WSBK on September 13, 1992 with the podium in Assen after race 1 with Stephane Mertens (P2) and winner Doug Polen on the left. Together with record world champion Jonathan Rea in 2018, US boy Poland was the only driver who was able to achieve 17 victories in one season before the introduction of the sprint race (from 2019). The American from Detroit (Michigan) even achieved this in 1991 as a private Ducati rider for the Fast by Ferracci team. Today, however, various liars even claim that he was a works driver for the Reds back then, which is absolute nonsense and can easily be refuted with programs from back then. In fact, the private rider severely embarrassed the Ducati factory team with their reigning world champion Raymond Roche.

Embarrassing statistics fraud damages former WSBK icons

A lot of nonsense has been said recently about the supposed record numbers of current WSBK riders like Alvaro Bautista (Ducati) or Yamaha’s figurehead (from 2020 to 2023) Toprak Razgatlioglu. Various journalists deliberately compared apples with pears. Above all, everyone generally makes the mistake of counting victories in sprint races as full-fledged race victories, which is of course completely nonsensical and would never occur to anyone in MotoGP. This is for the simple reason that races over the full distance are referred to as Grand Prix victories and this cannot be mixed with the Sprint Race, which has also been introduced there since 2023. Actually absolutely logical, because both there and in WorldSBK only the first 9 in the rankings receive points, instead of 15 like over the full distance. In addition, the winner of the Tissot sprint race only receives 12 points, instead of 25 for real race victories. This makes it clear that sprint race successes should only be counted statistically at most or not at all. Also very important: If you compare today with the past, when there were no sprint races, it becomes unfair. This is exactly what Dorna, like countless other writers, doesn’t care about.

WSBK icon Carl Fogarty in 1999 – a season with no less than nine different race winners and his fourth world championship title for Ducati. Unfortunately, his outstanding achievements are increasingly being dragged into the mud by the disrespect of some racing “reporters”. For more about his time as the second best superbike pilot in history (after Kawasaki icon Jonathan Rea), see our richly illustrated history on this page.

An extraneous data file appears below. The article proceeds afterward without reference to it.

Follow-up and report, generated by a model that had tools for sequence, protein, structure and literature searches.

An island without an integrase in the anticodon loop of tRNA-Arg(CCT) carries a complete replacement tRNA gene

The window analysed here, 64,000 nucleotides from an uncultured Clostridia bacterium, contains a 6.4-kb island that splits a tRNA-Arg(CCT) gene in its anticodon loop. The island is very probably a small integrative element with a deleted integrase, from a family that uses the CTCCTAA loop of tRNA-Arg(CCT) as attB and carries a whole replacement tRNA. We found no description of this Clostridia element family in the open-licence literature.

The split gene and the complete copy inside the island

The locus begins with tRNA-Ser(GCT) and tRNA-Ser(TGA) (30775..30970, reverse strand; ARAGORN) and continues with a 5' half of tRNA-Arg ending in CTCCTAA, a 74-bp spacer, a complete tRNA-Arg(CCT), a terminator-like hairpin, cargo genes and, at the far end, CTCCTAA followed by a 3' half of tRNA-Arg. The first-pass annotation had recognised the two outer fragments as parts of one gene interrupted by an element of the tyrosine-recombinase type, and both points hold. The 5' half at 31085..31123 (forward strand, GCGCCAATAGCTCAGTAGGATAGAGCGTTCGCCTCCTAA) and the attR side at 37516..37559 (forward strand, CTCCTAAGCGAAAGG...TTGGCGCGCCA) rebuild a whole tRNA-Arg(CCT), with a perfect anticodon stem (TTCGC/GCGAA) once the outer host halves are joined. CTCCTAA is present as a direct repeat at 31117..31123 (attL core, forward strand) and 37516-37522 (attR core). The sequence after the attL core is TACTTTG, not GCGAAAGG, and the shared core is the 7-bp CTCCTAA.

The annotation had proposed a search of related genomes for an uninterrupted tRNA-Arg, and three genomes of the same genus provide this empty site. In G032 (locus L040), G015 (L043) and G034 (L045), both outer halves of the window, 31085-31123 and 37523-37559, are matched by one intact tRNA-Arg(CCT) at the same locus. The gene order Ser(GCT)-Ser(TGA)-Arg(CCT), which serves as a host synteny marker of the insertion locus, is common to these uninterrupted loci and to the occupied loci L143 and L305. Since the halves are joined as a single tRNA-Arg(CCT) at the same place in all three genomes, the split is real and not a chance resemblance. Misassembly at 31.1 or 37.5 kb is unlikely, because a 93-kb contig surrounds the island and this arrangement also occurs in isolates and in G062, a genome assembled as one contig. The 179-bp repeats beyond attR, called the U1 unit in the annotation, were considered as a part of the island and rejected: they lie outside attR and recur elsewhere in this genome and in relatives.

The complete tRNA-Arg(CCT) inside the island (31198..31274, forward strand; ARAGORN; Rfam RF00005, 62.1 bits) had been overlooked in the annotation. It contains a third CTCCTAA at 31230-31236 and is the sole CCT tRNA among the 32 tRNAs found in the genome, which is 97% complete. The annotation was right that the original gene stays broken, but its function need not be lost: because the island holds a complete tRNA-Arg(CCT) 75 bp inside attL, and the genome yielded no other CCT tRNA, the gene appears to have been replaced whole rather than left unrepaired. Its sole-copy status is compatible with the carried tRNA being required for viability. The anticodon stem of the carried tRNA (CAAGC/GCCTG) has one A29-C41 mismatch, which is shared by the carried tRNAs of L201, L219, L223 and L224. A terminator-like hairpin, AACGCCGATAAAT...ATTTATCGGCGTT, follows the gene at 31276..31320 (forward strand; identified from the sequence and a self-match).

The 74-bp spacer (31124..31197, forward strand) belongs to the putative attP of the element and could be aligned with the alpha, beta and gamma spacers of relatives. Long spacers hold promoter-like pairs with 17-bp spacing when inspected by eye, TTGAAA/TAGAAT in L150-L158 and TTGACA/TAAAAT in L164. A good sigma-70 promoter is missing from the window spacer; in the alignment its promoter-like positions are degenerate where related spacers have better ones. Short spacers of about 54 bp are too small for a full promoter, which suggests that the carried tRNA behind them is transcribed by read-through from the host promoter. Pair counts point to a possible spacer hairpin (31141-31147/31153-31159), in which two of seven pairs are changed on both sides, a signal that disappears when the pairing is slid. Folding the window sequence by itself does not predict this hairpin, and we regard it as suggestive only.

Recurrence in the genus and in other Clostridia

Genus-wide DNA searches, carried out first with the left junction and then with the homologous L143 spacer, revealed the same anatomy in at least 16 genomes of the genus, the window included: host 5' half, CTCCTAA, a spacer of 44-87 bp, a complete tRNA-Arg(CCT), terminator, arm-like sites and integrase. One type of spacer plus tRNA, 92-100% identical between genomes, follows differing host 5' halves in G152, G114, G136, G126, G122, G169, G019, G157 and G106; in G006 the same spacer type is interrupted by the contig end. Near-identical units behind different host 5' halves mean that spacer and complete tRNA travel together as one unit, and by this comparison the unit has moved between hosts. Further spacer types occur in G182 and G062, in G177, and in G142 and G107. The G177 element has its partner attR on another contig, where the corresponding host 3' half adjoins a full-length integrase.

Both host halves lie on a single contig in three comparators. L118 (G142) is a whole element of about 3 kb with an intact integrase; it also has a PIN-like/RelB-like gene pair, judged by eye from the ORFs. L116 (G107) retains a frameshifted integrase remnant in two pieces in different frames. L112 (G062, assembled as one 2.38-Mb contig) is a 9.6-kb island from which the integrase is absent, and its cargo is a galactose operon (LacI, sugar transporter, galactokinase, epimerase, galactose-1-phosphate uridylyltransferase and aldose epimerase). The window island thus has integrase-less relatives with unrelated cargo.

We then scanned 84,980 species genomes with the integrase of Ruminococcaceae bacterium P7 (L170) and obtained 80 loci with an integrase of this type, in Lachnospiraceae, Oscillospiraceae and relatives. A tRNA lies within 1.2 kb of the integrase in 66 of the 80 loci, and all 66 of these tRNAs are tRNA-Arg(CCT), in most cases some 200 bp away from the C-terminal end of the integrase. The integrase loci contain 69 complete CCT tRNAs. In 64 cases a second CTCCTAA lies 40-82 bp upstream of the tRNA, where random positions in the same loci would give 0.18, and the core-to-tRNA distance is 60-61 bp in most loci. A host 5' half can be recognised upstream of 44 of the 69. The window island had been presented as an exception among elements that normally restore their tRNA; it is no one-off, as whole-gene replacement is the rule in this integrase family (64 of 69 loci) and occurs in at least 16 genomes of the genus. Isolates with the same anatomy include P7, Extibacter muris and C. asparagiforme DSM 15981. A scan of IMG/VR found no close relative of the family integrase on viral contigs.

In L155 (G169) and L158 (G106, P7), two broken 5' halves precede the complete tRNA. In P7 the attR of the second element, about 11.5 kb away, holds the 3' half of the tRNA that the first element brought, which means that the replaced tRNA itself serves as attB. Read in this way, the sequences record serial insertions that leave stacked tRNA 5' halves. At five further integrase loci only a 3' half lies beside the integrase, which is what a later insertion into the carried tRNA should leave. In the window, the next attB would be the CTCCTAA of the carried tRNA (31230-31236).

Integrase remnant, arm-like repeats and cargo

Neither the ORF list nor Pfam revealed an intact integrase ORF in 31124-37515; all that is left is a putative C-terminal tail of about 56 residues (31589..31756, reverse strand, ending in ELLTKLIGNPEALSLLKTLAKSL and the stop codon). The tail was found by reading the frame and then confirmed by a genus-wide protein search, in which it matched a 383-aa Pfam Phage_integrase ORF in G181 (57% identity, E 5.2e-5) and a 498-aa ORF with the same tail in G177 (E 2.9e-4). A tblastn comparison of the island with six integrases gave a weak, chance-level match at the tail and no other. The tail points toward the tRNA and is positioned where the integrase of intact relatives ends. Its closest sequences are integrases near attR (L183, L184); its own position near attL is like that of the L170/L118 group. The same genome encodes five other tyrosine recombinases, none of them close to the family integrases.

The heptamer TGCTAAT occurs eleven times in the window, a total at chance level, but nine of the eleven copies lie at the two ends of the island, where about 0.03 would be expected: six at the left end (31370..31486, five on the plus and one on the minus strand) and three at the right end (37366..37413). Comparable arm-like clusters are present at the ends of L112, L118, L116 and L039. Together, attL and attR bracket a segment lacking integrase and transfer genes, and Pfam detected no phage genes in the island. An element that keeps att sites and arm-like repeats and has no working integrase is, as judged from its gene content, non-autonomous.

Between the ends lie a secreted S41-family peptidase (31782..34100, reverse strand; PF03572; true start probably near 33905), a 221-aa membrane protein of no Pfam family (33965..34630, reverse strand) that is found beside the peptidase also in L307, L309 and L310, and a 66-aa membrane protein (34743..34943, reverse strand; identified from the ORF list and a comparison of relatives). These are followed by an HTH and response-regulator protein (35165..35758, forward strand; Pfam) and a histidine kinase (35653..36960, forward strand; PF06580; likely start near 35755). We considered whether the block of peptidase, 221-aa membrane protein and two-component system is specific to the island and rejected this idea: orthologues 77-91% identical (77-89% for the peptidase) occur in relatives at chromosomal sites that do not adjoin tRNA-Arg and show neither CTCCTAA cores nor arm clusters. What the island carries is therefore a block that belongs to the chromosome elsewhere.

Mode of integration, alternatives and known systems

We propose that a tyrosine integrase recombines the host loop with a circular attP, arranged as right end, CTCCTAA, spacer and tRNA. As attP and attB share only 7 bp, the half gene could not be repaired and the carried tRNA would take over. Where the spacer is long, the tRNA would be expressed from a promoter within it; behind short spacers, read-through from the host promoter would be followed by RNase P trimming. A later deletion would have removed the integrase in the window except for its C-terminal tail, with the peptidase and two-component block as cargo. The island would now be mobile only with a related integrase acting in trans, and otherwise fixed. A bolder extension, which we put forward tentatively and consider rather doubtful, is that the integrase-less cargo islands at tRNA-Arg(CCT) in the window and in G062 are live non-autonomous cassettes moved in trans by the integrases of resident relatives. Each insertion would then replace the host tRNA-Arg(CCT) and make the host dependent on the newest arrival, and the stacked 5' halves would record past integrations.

Lack of respect for the achievements of heroes of previous years

When comparing today’s riders like Alvaro Bautista with former WorldSBK icons, one should be particularly careful. There are several reasons for this. One of them is the fact that the Spanish midget was virtually unsuccessful in the Superbike World Championship in his two years for the Honda factory team. With only two third podium finishes and 9th and 10th place in the World Championship, the Spaniard is definitely a dwarf compared to Johnny Rea and Carl Fogarty during their time for Honda. In addition, the little man from Talavera de la Reina (southwest of Spain’s capital Madrid) hardly had to take any risks and fight for most of his victories on the Ducati Panigale V4R. He could rely on the blatant superiority in acceleration and a top speed that was around 15 to 25 km/h higher than the competition. “King” Carl Fogarty won at least 4 races on a Honda in 1996, as the reigning world champion, who had won 13 of 24 races for Ducati the previous year. In his year for the Japanese factory there were 6 different race winners and 5 of them won at least two races. Foggy, like Colin Edwards or Noriyuki “Nitro Nori” Haga, had a charisma as a pilot that a Bautista and many of today’s top MotoGP riders can only dream of. This is not the only reason why we are calling for more fairness when comparing today’s performances with those of riders from the golden years of WorldSBK.

Troy Corser on the Suzuki GSX-R 1000 in his 2005 world championship season – the Australian icon won two world championship titles during his WSBK time. If he hadn’t wasted three of his best years on a Malaysian project called Proton, he might be a three or four-time WorldSBK champion today. Recently the man even took part in a junior category of the BSB (the BMW F 900 R Cup), where he did admirably. During his time, the man from Wollongong (New South Wales) was also called Mister Superpole because he was often unbeatable over a fast lap. Today, even his outstanding achievements are threatened with annoying disrespect, caused by a thirst for sensationalism and records by characterless writers.